Three things have become obvious to me in 2016 and on reflection they offer insights into how we can think about the ongoing culture change and challenges of enterprise collaboration:
People Love Chat: The rise of Slack, Hipchat and a raft other chat tools, the passion for chatbots and the advent of Microsoft Teams all signal the value of chat communication solutions. These tools (and their integrations) appeal to our need for instant gratification, the demands of an agile workplace, our wish for connection in a mobile world and the need for a little entertainment in the ongoing pressures of work. Whether this way of working appeals to you or not, it is a rich pattern of human behaviour and we recognise it from the way we use consumer tools like iMessage, WhatsApp, Facebook messenger, Line, etc. The growth challenges of Twitter can be traced to chat behaviours shifting to more controlled community oriented solutions like group messaging or to more engaging solutions like Snapchat and Instagram.
People Hate Meetings More: Of all the blogposts I wrote in 2016, the ones that discussed changing meetings exploded. People hate email but they are prepared to live with the pain because email feels like process work, they are accustomed to the burdens or email pushes responsibility to others. People hate meetings and they really want to change them. (Makes me wonder if Sartre had a point about ‘hell is other people’) Email can be a way out of interacting with others because we don’t interact with other people, just formal rituals around their words and artefacts. Meetings do require interaction with the messiness of real people. For many organisations, meetings are the dominant form of conversation and collaboration. For too many meetings, no choices are made to explicitly managed the pattern or optimise its benefits for attendees.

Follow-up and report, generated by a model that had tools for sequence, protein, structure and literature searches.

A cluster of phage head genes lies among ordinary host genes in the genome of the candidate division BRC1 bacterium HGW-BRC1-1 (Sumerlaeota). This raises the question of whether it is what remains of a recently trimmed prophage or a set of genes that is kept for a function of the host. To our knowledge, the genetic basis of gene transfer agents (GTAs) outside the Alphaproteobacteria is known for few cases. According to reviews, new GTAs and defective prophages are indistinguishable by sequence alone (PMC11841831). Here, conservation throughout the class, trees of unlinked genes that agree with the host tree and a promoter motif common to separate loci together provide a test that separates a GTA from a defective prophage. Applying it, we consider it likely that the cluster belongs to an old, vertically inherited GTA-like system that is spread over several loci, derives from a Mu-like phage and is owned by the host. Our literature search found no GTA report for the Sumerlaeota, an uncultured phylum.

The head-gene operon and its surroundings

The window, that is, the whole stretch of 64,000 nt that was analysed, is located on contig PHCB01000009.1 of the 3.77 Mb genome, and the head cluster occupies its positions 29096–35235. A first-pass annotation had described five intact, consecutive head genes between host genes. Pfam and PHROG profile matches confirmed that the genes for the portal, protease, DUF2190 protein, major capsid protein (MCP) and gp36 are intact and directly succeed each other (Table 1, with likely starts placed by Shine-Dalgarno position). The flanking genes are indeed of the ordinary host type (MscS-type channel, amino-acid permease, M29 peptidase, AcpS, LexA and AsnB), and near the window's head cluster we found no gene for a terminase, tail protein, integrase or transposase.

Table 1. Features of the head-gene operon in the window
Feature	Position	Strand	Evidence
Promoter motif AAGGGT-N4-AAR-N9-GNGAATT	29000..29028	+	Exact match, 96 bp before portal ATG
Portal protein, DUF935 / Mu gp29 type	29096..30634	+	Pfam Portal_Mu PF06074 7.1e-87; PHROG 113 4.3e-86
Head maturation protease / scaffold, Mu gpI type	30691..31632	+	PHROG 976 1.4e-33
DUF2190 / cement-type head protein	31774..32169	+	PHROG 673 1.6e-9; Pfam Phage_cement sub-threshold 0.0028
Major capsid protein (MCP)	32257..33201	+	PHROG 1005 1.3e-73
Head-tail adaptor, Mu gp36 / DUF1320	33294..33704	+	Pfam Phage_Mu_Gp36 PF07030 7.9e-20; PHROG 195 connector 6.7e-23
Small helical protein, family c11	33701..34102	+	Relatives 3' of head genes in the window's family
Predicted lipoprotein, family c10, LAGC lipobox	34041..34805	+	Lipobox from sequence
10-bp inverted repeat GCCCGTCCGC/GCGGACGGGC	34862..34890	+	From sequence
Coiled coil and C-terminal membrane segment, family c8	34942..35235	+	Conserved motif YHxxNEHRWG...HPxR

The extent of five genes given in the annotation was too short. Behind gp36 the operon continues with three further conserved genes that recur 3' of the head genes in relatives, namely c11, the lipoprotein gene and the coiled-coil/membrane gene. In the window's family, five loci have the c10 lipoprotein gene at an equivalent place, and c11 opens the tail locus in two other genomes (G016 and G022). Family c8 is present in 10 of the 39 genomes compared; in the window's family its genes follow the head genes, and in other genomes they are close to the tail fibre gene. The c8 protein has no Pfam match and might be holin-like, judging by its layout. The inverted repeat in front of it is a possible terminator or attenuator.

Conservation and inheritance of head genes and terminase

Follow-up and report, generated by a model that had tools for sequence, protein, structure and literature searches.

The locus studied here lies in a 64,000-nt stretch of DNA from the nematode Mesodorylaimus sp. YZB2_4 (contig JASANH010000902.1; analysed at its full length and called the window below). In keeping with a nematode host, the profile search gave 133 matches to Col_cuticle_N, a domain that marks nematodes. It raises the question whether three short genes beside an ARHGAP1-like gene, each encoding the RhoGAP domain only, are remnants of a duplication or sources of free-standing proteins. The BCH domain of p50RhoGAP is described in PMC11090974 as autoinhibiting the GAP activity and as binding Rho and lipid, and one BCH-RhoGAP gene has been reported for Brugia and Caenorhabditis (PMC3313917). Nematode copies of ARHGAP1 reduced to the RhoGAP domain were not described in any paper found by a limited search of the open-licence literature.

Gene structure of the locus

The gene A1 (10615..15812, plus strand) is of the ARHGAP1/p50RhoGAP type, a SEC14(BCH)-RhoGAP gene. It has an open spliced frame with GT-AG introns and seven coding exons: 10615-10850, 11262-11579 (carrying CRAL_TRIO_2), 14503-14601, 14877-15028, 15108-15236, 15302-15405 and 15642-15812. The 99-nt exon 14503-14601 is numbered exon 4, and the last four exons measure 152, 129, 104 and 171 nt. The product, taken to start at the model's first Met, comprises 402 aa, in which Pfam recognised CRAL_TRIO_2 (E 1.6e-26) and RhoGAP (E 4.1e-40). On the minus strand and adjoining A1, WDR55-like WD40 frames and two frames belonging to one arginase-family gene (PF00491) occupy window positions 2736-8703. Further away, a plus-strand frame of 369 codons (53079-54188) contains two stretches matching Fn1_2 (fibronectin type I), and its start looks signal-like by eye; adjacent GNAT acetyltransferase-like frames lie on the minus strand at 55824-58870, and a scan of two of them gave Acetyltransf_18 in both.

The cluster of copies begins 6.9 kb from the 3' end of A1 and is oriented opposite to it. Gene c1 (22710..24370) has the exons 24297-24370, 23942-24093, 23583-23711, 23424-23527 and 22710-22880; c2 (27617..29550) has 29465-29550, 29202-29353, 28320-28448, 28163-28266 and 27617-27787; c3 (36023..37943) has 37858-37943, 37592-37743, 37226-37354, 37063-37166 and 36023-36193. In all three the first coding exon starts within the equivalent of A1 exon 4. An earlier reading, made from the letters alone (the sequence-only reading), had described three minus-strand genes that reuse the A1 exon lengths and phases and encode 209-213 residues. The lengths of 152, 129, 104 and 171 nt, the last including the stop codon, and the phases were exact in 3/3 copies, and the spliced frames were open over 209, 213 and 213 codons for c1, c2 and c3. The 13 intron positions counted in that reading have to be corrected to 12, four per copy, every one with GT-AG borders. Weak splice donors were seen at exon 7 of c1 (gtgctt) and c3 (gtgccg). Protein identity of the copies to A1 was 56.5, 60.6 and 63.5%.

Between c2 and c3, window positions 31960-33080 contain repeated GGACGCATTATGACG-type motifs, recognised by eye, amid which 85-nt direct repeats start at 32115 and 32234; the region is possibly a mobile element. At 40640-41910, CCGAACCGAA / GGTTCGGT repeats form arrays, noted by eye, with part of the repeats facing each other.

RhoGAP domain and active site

The Untapped Value of Collaboration is Huge: Surprisingly few organisations with collaboration solutions have a strategy to realise value from new ways of working. Fewer still have resources that strategy to ensure that they have managers working to realise the productivity benefit and the transformation of work outcomes. Often the collaboration solution is implemented for an abstract capitalised noun or seen as a platform for enterprise communications objectives. Organisations have a huge opportunity to work more effectively when they explicitly engage in shaping the nature of collaborative work underway.
Changing the nature of work is hard. We love to focus on the technology as if it will transform the human behaviour. However, from all the work I’ve done and read on adoption, one thing is clear to me. Technology enables new patterns of work. Human behaviour and decisions shape what patterns get used and how in organisations. At times, human behaviour gets lost under the features and functionality of the technology and we forget to focus on the enduring patterns. Many times the implementation of technology is not asking people to adopt a new human behaviour, it is just asking them to switch to another deeply human pattern. Let’s look at the insights above in that context.